11/8/2019 4:00:00 PM
Erik White, Chet Bodin
In appreciation of those who served our military and their families, this month’s Local Look will focus on veterans in the region. According to the American Community Survey, there are 42,099 veterans in the 26-county Northwest Minnesota planning region, which was 13.2 percent of all the veterans in the state. There is a greater concentration of veterans in the region with 9.8 percent of the region’s population 18 years and older being a veteran, compared to just 7.6 percent of the state’s population. Home to Camp Ripley, a military and civilian training facility operated by the Minnesota Nation Guard, EDR 5-North Central has the greatest concentration of veterans in the Northwest planning region with 11.1 percent of its civilian population being a veteran.
Veterans with service during the Vietnam era make up about 40 percent of all veterans in Northwest Minnesota, similar to statewide numbers. In addition, there were roughly 9,500 veterans in Northwest Minnesota with service time during the Gulf War eras, a time frame that extends back to 1990 and goes to present day. This cohort exceeds the number of veterans from the Korean War and World War II in the region (Table 1).
While veterans from the Vietnam era are retiring out of the workforce, younger veterans are now lending their expertise and leadership to the regional economy. Those who choose to serve in the military after high school often find themselves on a different path than their classmates. For example, after serving four years in the Army, Mike Eschenbacher returned to civilian life in Brainerd, his hometown. Zack Winger, a classmate of Mike’s at Brainerd High School, chose to stay in Brainerd while serving as a member of the Minnesota National Guard. Both have become valuable parts of the local workforce and represent others like them who prioritize military service early in their careers.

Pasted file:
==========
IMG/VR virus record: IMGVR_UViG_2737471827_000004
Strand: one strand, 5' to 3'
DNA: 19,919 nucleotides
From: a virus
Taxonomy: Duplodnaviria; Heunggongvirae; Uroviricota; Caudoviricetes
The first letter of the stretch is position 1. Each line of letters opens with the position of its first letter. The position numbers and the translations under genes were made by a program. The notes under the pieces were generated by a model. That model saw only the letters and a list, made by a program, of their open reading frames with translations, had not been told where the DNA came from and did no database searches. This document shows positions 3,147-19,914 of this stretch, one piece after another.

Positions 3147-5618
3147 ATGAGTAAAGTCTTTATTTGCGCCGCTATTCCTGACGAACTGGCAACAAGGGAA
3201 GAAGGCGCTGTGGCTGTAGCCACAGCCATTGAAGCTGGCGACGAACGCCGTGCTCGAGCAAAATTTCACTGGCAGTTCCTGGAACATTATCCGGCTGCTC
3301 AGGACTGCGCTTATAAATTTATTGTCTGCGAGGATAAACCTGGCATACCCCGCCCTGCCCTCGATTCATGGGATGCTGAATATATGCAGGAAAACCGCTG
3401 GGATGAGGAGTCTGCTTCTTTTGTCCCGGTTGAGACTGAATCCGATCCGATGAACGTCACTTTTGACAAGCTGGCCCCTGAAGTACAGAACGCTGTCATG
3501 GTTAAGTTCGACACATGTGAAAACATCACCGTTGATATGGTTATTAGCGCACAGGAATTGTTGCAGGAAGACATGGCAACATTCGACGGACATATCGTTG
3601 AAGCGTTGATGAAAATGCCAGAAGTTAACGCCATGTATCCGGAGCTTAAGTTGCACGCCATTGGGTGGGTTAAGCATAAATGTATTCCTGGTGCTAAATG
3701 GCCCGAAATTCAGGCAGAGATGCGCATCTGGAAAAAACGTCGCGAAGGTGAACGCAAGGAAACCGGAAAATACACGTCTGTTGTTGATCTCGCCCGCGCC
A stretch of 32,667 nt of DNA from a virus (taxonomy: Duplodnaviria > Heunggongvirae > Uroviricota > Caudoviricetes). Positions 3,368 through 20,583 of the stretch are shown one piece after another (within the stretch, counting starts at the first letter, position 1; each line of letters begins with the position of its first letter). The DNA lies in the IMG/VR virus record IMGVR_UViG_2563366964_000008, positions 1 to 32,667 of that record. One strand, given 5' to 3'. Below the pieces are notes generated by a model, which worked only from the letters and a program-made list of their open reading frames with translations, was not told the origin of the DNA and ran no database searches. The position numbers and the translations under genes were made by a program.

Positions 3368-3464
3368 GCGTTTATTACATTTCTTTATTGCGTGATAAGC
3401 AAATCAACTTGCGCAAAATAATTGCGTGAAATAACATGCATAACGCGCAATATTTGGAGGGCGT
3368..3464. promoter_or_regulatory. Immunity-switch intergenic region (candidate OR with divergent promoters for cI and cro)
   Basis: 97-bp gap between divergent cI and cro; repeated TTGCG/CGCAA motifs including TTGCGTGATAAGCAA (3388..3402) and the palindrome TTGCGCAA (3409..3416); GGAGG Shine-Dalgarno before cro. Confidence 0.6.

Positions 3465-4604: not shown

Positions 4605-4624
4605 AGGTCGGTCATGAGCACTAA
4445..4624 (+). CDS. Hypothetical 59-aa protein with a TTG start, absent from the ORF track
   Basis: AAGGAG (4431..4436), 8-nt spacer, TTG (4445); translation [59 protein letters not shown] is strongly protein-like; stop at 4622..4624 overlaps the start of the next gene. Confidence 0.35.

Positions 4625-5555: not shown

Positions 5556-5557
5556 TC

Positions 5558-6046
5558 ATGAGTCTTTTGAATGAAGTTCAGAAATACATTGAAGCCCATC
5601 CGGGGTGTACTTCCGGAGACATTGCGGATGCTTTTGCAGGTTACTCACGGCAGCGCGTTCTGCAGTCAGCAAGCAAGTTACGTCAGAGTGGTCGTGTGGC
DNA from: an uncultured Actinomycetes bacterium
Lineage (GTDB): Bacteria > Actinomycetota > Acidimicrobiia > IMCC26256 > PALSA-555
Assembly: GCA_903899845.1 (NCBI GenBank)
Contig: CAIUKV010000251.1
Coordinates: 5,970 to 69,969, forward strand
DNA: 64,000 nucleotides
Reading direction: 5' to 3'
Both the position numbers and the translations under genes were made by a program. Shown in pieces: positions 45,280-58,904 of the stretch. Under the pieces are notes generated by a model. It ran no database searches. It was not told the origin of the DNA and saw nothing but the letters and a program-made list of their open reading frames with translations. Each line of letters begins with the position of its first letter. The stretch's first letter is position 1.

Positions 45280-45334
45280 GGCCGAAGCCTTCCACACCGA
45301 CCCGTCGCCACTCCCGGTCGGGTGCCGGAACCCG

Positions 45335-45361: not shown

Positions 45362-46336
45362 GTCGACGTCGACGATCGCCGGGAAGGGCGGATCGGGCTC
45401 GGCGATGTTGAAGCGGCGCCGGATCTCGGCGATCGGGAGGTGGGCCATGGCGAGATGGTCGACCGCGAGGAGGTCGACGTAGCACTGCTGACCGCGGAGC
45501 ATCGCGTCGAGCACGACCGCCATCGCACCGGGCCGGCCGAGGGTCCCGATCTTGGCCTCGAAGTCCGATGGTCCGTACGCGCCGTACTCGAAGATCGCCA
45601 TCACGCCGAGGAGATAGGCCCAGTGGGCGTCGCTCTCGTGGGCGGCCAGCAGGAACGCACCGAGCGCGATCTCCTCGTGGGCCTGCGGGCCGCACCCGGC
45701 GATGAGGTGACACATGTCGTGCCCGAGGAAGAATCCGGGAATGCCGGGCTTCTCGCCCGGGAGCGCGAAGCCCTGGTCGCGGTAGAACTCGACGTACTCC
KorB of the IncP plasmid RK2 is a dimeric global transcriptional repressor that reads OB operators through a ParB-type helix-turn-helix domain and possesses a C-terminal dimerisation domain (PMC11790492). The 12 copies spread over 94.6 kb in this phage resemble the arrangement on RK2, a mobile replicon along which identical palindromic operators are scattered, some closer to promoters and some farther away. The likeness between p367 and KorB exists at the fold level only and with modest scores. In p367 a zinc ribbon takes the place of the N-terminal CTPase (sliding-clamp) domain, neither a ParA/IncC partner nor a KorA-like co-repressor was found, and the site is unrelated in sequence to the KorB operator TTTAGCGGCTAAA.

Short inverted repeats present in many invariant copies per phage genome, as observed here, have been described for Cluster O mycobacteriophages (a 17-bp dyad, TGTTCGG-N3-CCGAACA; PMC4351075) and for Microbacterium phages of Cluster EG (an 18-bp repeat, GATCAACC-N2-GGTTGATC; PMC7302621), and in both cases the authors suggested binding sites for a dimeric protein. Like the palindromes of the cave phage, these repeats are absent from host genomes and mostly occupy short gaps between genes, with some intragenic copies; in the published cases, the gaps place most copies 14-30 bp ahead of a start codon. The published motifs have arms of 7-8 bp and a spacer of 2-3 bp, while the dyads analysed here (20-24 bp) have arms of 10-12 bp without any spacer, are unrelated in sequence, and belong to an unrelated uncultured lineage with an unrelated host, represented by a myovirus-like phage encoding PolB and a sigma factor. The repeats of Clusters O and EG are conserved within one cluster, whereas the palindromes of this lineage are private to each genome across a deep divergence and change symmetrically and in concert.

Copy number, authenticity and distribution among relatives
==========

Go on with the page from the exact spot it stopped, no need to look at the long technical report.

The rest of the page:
In 2019, Mike and Zach were both hired by Four Seasons Carwash in Baxter, MN, largely because of the military experience that taught them discipline, teamwork and an array of technical skills. As Operations Manager Derek Parks puts it, “Zach applied for the assistant manager position, and we were surprised by the amount of experience he had at such a young age. Mike applied for a part-time position at first, but his technical skills stood out early, and we promoted him to full-time in a matter of weeks.”
Like most employers struggling to find workers, Four Seasons found that hiring veterans was a smart decision. In addition to helping businesses qualify for the Work Opportunity Tax Credit and other financial incentives, veterans embody the soft skills that are often difficult for employers to find in young employees, and can be even harder to teach.
With three car washes in Northwest Minnesota, Four Seasons now has veterans working at multiple locations. At the Baxter location in particular, their veteran employees provided much needed stability during the first full summer of operations and are now the bedrock of their workforce. In a business that typically employs young adults and struggles with a high degree of turnover, their presence has had a stabilizing effect. “You can tell they take a lot of pride in their work, and it rubs off on others,” Parks said. “Our young workers pick up on that energy, and it leads to a positive work environment that embraces accountability and keeps our business running smooth.”
In addition to employing four veterans in their organization, Four Seasons Carwash is offering a free car wash to all veterans in honor of Veteran’s Day on Monday, November 11.